<sig> <pubKey> OP_DUP OP_HASH160 <pubKeyHash> OP_EQUALVERIFY OP_CHECKSIG <pubKey> <pubKey> <sig>
    • The simplest script: Step 4 • The top stack item is hashed! • This calculates and address from the claimant’s public key • (we must ensure this is the same as the TXout’s address) • Unprocessed script:
 <sig> <pubKey> OP_DUP OP_HASH160 <pubKeyHash> OP_EQUALVERIFY OP_CHECKSIG STACK <pubHashA> <pubKey> <sig>
    • The simplest script: Step 5 STACK • • Another constant (the previous output’s destination address) is added to the stack Unprocessed script:
 <sig> <pubKey> OP_DUP OP_HASH160 <pubKeyHash> OP_EQUALVERIFY OP_CHECKSIG <pubKeyHash> <pubHashA> <pubKey> <sig>
    • The simplest script: Step 6 • Verify that the claimant’s public key actually matches the previous transaction’s output address! • If false, the transaction is rejected an not distributed further • Unprocessed script:
 <sig> <pubKey> OP_DUP OP_HASH160 <pubKeyHash> OP_EQUALVERIFY OP_CHECKSIG STACK <pubKey> <sig>
    • The simplest script: Step 7 • Verify that the claimant’s public key confirms the transaction’s signature! • If false, the transaction is rejected an not distributed further • Unprocessed script:
 <sig> <pubKey> OP_DUP OP_HASH160 <pubKeyHash> OP_EQUALVERIFY OP_CHECKSIG STACK (empty)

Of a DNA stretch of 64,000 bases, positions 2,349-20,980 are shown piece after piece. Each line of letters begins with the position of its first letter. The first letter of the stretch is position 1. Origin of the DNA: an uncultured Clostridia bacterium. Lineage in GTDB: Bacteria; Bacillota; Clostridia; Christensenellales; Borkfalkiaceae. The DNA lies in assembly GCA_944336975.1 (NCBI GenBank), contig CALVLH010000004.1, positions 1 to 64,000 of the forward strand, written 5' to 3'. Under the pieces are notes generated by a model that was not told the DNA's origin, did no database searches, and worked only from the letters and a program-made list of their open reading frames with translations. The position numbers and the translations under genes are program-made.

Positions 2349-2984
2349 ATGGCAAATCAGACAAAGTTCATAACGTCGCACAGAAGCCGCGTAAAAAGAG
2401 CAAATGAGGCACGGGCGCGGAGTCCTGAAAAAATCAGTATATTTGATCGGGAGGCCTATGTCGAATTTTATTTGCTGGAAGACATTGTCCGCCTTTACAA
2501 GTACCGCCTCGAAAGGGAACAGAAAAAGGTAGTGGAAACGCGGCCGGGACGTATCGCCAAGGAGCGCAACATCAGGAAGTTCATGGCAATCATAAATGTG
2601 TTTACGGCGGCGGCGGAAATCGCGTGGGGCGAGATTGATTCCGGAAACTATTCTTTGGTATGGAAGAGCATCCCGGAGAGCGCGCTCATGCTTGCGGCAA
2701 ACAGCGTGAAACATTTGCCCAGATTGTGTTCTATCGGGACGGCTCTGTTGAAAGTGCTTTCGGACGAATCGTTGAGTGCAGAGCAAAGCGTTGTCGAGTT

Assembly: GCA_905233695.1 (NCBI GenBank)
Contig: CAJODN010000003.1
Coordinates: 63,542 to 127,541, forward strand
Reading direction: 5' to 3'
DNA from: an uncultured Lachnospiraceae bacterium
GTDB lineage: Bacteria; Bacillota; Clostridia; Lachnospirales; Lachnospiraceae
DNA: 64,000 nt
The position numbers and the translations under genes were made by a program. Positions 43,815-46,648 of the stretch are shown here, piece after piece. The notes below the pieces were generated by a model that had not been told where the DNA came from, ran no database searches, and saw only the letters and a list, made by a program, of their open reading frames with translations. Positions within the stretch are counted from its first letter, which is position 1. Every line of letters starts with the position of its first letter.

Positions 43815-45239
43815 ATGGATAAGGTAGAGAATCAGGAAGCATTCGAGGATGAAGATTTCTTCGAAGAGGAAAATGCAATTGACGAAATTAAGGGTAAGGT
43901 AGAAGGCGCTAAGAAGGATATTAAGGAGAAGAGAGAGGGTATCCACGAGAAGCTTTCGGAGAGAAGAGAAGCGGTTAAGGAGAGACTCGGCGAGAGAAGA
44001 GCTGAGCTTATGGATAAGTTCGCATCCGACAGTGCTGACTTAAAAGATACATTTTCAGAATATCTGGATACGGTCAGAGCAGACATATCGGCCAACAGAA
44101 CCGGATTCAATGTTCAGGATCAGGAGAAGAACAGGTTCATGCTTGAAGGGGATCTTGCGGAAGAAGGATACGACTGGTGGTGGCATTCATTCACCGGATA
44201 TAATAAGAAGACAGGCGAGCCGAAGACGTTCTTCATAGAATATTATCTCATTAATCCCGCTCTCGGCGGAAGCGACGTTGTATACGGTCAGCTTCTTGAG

• We just used 4 opcodes… enum  opcodetype   {          //  push  value          OP_0  =  0x00,          OP_FALSE  =  OP_0,          OP_PUSHDATA1  =  0x4c,          OP_PUSHDATA2  =  0x4d,          OP_PUSHDATA4  =  0x4e,          OP_1NEGATE  =  0x4f,          OP_RESERVED  =  0x50,          OP_1  =  0x51,          OP_TRUE=OP_1,          OP_2  =  0x52,          OP_3  =  0x53,          OP_4  =  0x54,          OP_5  =  0x55,          OP_6  =  0x56,          OP_7  =  0x57,          OP_8  =  0x58,          OP_9  =  0x59,          OP_10  =  0x5a,          OP_11  =  0x5b,          OP_12  =  0x5c,          OP_13  =  0x5d,          OP_14  =  0x5e,          OP_15  =  0x5f,          OP_16  =  0x60,   !        //  control          OP_NOP  =  0x61,          OP_VER  =  0x62,          OP_IF  =  0x63,          OP_NOTIF  =  0x64,          OP_VERIF  =  0x65,          OP_VERNOTIF  =  0x66,          OP_ELSE  =  0x67,          OP_ENDIF  =  0x68,          OP_VERIFY  =  0x69,          OP_RETURN  =  0x6a,   !        //  stack  ops          OP_TOALTSTACK  =  0x6b,          OP_FROMALTSTACK  =  0x6c,          OP_2DROP  =  0x6d,          OP_2DUP  =  0x6e,          OP_3DUP  =  0x6f,          OP_2OVER  =  0x70,          OP_2ROT  =  0x71,          OP_2SWAP  =  0x72,          OP_IFDUP  =  0x73,          OP_DEPTH  =  0x74,          OP_DROP  =  0x75,          OP_DUP  =  0x76,          OP_NIP  =  0x77,          OP_OVER  =  0x78,          OP_PICK  =  0x79,          OP_ROLL  =  0x7a,          OP_ROT  =  0x7b,          OP_SWAP  =  0x7c,          OP_TUCK  =  0x7d,          //  numeric          OP_1ADD  =  0x8b,          OP_1SUB  =  0x8c,          OP_2MUL  =  0x8d,          OP_2DIV  =  0x8e,          OP_NEGATE  =  0x8f,          OP_ABS  =  0x90,          OP_NOT  =  0x91,          OP_0NOTEQUAL  =  0x92,   !        OP_ADD  =  0x93,          OP_SUB  =  0x94,          OP_MUL  =  0x95,          OP_DIV  =  0x96,          OP_MOD  =  0x97,          OP_LSHIFT  =  0x98,          OP_RSHIFT  =  0x99,   ! !        OP_BOOLAND  =  0x9a,          OP_BOOLOR  =  0x9b,          OP_NUMEQUAL  =  0x9c,          OP_NUMEQUALVERIFY  =  0x9d,          OP_NUMNOTEQUAL  =  0x9e,          OP_LESSTHAN  =  0x9f,          OP_GREATERTHAN  =  0xa0,          OP_LESSTHANOREQUAL  =  0xa1,          OP_GREATERTHANOREQUAL  =          OP_MIN  =  0xa3,          OP_MAX  =  0xa4,   !        //  crypto          OP_RIPEMD160  =  0xa6,          OP_SHA1  =  0xa7,          OP_SHA256  =  0xa8,          OP_HASH160  =  0xa9,          OP_HASH256  =  0xaa,          OP_CODESEPARATOR  =  0xab,   !        //  splice  ops          OP_CAT  =  0x7e,          OP_SUBSTR  =  0x7f,          OP_LEFT  =  0x80,          OP_RIGHT  =  0x81,          OP_SIZE  =  0x82,          //  bit  logic          OP_INVERT  =  0x83,          OP_AND  =  0x84,          OP_OR  =  0x85,          OP_XOR  =  0x86,          OP_EQUAL  =  0x87,          OP_EQUALVERIFY  =  0x88,          OP_RESERVED1  =  0x89,          OP_RESERVED2  =  0x8a,   !        OP_WITHIN  =  0xa5,   !        OP_CHECKSIG  =  0xac,          OP_CHECKSIGVERIFY  =  0xad,          OP_CHECKMULTISIG  =  0xae,          OP_CHECKMULTISIGVERIFY  =   !        //  expansion          OP_NOP1  =  0xb0,          OP_NOP2  =  0xb1,          OP_NOP3  =  0xb2,          OP_NOP4  =  0xb3,          OP_NOP5  =  0xb4,          OP_NOP6  =  0xb5,          OP_NOP7  =  0xb6,          OP_NOP8  =  0xb7,          OP_NOP9  =  0xb8,          OP_NOP10  =  0xb9,   ! ! !        //  template  matching  params          OP_SMALLDATA  =  0xf9,          OP_SMALLINTEGER  =  0xfa,          OP_PUBKEYS  =  0xfb,          OP_PUBKEYHASH  =  0xfd,          OP_PUBKEY  =  0xfe,   !        OP_INVALIDOPCODE  =  0xff,   };